We raise rodeo horses. Therefore, we breed for speed. Speed is important in the arena. On the ranch, however, speed is optional, and generally hazardous to your health. There are rocks. There are holes. Coulees, washouts and bogs. Slick green grass. Bottomless mud pots called soap holes. All of which are best encountered at a moderate pace. When it's time to work cattle, nobody cares too much whether a horse can run. But we’ll elbow each other out of the way and even throw a good trip on the way to the barn to get our hands on the one that can walk. Why fight for a horse than can walk fast? Because cows are best moved along in a leisurely manner. Especially cows with a calf by their side, if you’d like mother and child to end up somewhere in the same county. The cowboy rides along behind, shouting encouragement as needed, zig-zagging this way and that to keep the herd moving. Over to the right there’s a calf who just realized that he’s starving and he must eat right now. Hard for a cow to walk when there’s a kid latched on to that particular body part. Off the left is that old red cow that tries to peel off and head west every fifty yards. In the middle, three calves have lost track of their mothers and are convinced that they must go back to where they last saw her. Mostly it all happens in slow motion. Walk over here. Walk over there. Walk over here again. It can go on for miles. This is when you truly appreciate a horse with a smooth, ground-eating stride. It’s also when a horse that can’t or won’t walk becomes a four-legged torture device. Climb aboard a lazy horse, and at the end of the day you'll feel like you pedaled a tricycle over the Rocky Mountains. Worse, though, is one that does everything but walk. They jog. They paw the ground if you try to stand still. They run sideways, jerk at the bridle, perform gymnastics akin to the leaps of the famous Lipizzaner stallions, all the while grinding your butt and knees into a saddle that has no appreciable padding. A good fast walk isn’t automatic. It has to be learned. And it seems to come unlearned when a colt makes the move from pasture work to the arena. Suddenly, they discover speed, and it’s addictive. Who wants to plod when you can fly? The more aggressive the rope horse or barrel horse, the less likely that they’ll be a pleasure to ride anywhere else. Betsy was one of the worst. At barely fourteen hands, she was only a size larger than the average Shetland pony. A classic, well built roan, she was a pretty little thing…from a distance. She wasn’t quite so cute after she ran full length of you when you tried to corner her in the corral. And stepped on your foot at least once—with deliberate malice—while you were saddling her. Once aboard, she had a mouth like granite, a head to match, and roan Hancock attitude coming out her ears. But man, was she fun to rope on. Anywhere but the arena, Betsy was punishment from hell. Getting her to walk away from the barn was like pushing a canoe upstream with one hand. She veered left, then right, then left, and if you let your guard down for even an instant, she’d swap ends and head for home. Finally, after hours of kicking and wrestling her every step of the way, you’d dump the cows into the target pasture and turn toward the barn. What a relief. Not. The instant you turned around, Betsy would grab the bit in her teeth and blast off. Given her size, it should have been easy to stop her. Wrong. You’d brace both feet in the stirrups and haul back on the reins with both hands and all your might. She’d bow her neck, set her jaw and keep going. Assuming you’d eaten your spinach and picked a good stiff bit, you could keep her to a bone-rattling, side-stepping, nose-rooting trot. Forget stopping. If you tried, she’d flip around and run backwards. It would have been easier to get off and walk home if it hadn’t been for that trick where she ran a circle around you, over at least one set of toes, then tried to bolt while she had you tangled in the reins. Ember is Betsy’s child. She’s only half as obnoxious as her mother, and not near as tough. And she can’t walk a lick. It’s not her fault—she never grew out of the chubby little girl phase. She has the stride length of a gopher. Her short legs churn as fast as they can, and still the others leave her in the dust. Every fifty yards she has to break into a jog to catch up. I know just how she feels. At cattle moving time, you want to grab Vegas or Scotchman or Pocket or Julie. Nico if he hasn’t been roped on a lot lately and isn’t too fresh. Bailey as long you remember not to wave your left hand, or are prepared for the consequences. He can jump sideways a fair distance for a big horse. At some point, we will end up riding side-by-side. It looks casual. Reins slack, conversation idle, horses strolling along. Except I’m pretty sure Pocket can out walk Vegas, with a little extra squeeze of my heels. Greg is pretty sure she can't. And no way is Dad going to let us make his horse look bad. The race is on. First to the barn without breaking into a trot wins. ‘Cuz out here, horses that can run are thick on the ground. But one that can really walk—that’s something to brag about.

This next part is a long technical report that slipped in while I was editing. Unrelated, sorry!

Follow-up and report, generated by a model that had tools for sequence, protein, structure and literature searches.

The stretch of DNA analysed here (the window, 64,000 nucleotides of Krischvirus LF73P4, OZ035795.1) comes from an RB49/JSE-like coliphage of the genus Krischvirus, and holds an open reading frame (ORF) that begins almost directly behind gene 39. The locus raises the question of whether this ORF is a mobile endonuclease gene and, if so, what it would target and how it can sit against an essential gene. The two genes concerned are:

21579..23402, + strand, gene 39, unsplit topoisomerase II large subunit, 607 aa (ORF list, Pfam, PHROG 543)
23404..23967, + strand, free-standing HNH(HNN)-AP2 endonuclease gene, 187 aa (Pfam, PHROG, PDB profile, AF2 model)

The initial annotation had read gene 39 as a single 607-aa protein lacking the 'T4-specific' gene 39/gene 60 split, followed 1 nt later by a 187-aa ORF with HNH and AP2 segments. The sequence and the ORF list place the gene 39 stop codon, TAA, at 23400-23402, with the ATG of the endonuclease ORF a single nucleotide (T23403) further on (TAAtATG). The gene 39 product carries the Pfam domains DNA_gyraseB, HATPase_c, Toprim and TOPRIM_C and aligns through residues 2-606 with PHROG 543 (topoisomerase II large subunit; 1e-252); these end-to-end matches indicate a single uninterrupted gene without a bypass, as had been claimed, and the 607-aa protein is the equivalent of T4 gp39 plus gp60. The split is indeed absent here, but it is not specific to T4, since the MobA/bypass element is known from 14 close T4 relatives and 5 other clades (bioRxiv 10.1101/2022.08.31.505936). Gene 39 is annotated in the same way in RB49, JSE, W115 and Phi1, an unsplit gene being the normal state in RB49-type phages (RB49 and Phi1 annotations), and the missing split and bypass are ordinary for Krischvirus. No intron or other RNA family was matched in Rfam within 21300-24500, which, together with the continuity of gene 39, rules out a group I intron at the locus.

Thursday, June 11, 2009